Update on Maria 2: “Heavy stuff”

I have another update on Maria (whom I originally wrote about using the pseudonym of “Alexa”), the 23-year-old Guatemalan asylum seeker who has been in immigrant detention, separated from the six-year-old niece whom she has raised as a daughter from infancy. It’s truly heartbreaking news, but sadly, a story that is all too common in this time of senseless cruelty.

To recap: In a series of incidents over time, a gang in Guatemala killed Maria’s father and mother, her sister, and her partner, and shot at her as well. Knowing that her days were numbered if she stayed—she says, “They are looking for me to kill me”—she took her sister’s daughter, “Flor,” whom she has been raising since her sister’s death, and made the dangerous journey to the United States to seek asylum—her right under US and international law.

Upon crossing the border, Maria asked for asylum. In the bizarre logic of the current protocols, Flor was considered “unaccompanied” because Maria isn’t her biological mother and has no custody papers, and so they were separated. Since then, Maria has been living in horrendous conditions in immigrant detention—read: prison—in Arizona; Flor was sent to a foster shelter in New York. Maria has repeatedly asked to be released for the duration of her long asylum process (a practice that used to be common) so she could be with Flor. But in spite of her best efforts and those of many supporters, including over two hundred US faith leaders and two dozen Arizona state representatives, her request has been repeatedly denied by the authorities.

All of which brings me to my sad update. A couple of days ago, I learned that Maria has given up and agreed to be deported back to Guatemala. This will most likely enable her to be reunited with Flor, who will probably be sent back as well, though it may take months. (I use qualifiers like “most likely” and “probably” because there’s no telling for sure in this crazy, Kafkaesque labyrinth what the authorities will ultimately decide.)

This is truly devastating. Though I have not met Maria and cannot know her thought process, her decision echoes those made by many migrants who have been separated from their children at the US border: The pain of separation is so great that people are willing to risk death to be reunited with their children. We cannot sugarcoat it: There is indeed a real likelihood that Maria and Flor will eventually be killed by the people whom she herself says are looking for her to kill her. This happens frequently; in fact, a recent Human Rights Watch report on US deportations to El Salvador (a country with conditions similar to Guatemala) shows that many deportees to that country are killed or violated in other ways when they return.

Why would Maria return to such a situation? As unlikely as it is in these times that she would get asylum (however much it is merited in her case), wouldn’t it be better to wait out the process, however painful it is? Not being in her shoes, I am in no place to judge. It might be tempting to call Maria a “bad parent,” a label I’ve heard many people apply to migrants making the perilous journey north. But I am with Father Greg Boyle of Homeboy Industries, who says, “Here is what we seek: a compassion that can stand in awe at what the poor have to carry rather than stand in judgment at how they carry it.” And my question is this: Why do so many of us who have it so much easier insist on adding to their burden?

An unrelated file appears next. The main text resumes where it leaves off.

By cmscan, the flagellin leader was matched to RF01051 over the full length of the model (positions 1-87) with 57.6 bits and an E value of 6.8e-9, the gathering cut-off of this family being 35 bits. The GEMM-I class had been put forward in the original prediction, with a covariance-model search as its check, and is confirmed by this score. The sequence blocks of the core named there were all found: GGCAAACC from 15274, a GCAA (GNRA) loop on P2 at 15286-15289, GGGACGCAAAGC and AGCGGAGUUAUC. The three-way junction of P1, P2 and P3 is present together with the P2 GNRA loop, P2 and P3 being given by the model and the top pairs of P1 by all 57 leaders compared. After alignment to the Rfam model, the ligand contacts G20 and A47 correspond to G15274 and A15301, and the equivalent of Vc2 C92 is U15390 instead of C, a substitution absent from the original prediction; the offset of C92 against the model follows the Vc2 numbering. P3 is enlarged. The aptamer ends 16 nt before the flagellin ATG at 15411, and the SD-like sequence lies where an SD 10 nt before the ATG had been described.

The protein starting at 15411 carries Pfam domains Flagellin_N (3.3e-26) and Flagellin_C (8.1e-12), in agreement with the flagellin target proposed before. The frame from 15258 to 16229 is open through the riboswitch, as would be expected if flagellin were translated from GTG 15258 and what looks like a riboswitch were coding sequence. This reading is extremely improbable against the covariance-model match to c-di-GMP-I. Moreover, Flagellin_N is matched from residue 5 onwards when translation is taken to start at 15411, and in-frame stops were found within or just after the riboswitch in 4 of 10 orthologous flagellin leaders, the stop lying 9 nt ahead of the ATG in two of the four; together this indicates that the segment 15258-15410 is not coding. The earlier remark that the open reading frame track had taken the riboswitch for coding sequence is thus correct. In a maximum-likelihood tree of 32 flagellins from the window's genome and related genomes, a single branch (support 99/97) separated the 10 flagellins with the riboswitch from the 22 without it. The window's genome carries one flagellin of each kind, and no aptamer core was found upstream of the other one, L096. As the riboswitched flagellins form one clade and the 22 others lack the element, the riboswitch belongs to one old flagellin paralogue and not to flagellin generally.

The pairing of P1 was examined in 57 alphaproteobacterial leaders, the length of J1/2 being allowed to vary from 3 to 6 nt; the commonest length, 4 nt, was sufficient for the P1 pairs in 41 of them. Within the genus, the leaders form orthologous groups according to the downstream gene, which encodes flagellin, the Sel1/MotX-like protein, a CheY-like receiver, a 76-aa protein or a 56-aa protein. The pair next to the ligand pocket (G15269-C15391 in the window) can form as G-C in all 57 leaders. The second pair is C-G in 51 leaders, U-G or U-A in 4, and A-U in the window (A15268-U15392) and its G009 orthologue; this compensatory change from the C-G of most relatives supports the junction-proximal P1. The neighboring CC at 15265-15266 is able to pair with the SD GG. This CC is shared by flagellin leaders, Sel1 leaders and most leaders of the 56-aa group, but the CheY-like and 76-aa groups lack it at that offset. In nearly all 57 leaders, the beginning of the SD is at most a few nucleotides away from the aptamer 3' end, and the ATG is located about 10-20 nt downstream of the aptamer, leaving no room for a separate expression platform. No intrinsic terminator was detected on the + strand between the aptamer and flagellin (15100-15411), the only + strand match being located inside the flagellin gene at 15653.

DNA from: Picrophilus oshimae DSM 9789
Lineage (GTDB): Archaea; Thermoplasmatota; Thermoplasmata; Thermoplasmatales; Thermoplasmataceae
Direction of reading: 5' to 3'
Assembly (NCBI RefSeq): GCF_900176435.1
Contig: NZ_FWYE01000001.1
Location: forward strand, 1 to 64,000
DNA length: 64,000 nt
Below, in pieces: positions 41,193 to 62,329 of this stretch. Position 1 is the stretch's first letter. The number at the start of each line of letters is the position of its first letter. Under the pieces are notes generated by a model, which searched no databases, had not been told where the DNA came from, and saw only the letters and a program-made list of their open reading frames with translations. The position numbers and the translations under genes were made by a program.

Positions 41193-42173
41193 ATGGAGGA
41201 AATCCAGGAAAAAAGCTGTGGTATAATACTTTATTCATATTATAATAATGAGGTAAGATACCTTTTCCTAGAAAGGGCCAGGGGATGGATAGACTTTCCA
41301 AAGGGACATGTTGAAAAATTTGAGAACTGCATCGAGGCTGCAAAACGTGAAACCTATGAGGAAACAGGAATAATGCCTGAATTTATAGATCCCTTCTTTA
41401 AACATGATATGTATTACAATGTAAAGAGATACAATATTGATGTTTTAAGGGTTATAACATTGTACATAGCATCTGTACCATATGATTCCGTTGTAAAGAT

As the person who has been giving me these updates put it, this is “Heavy stuff.” I send love and God’s blessings to Maria and Flor as they take the next steps of their journey. May the God Who loves us all lighten their heavy load and awaken our compassion for those who carry burdens far greater than I can imagine.

3 Replies to “Update on Maria 2: “Heavy stuff””

  1. This is incredibly heart breaking.
    I’m a Canadian but don’t know very much about immigration here. What I do know is that we value immigrants, and want more. There is always a process to go through, but the process usually results in landed immigrant status, and then she can legally gain employment.
    Immigrants are generally highly motivated to succeed, and contribute greatly to this country. Most of us value our multiculturalism because it enriches us all.
    I’m thinking that she might return to her country with her niece, and with support, they could apply to come to Canada.
    My heart is full of love for them. May they live in peace and freedom.

  2. I add my prayers for Maria and Flor and see a vision of a world where we are all loved as equals by God and one another. Thank you again, Greg, for keeping our eyes open, our hearts connected, and our minds joined.

  3. Thanks, MaryAnn and Janet! MaryAnn, I especially want to thank you for giving me an impetus to learn more about the Canadian response to the Central American situation, which I don’t know much about. It’s true that Canada has historically been a generous recipient of immigrants. But there are complications and challenges too, exacerbated by the US clampdown on refugees. Here’s a link to one article I found on the Canadian reception of Central American refugees:

    https://www.csmonitor.com/World/Americas/2019/0905/Canada-asks-Why-aren-t-we-helping-more-Central-American-refugees

    At any rate, I would be overjoyed if Maria and Flor ended up in Canada!

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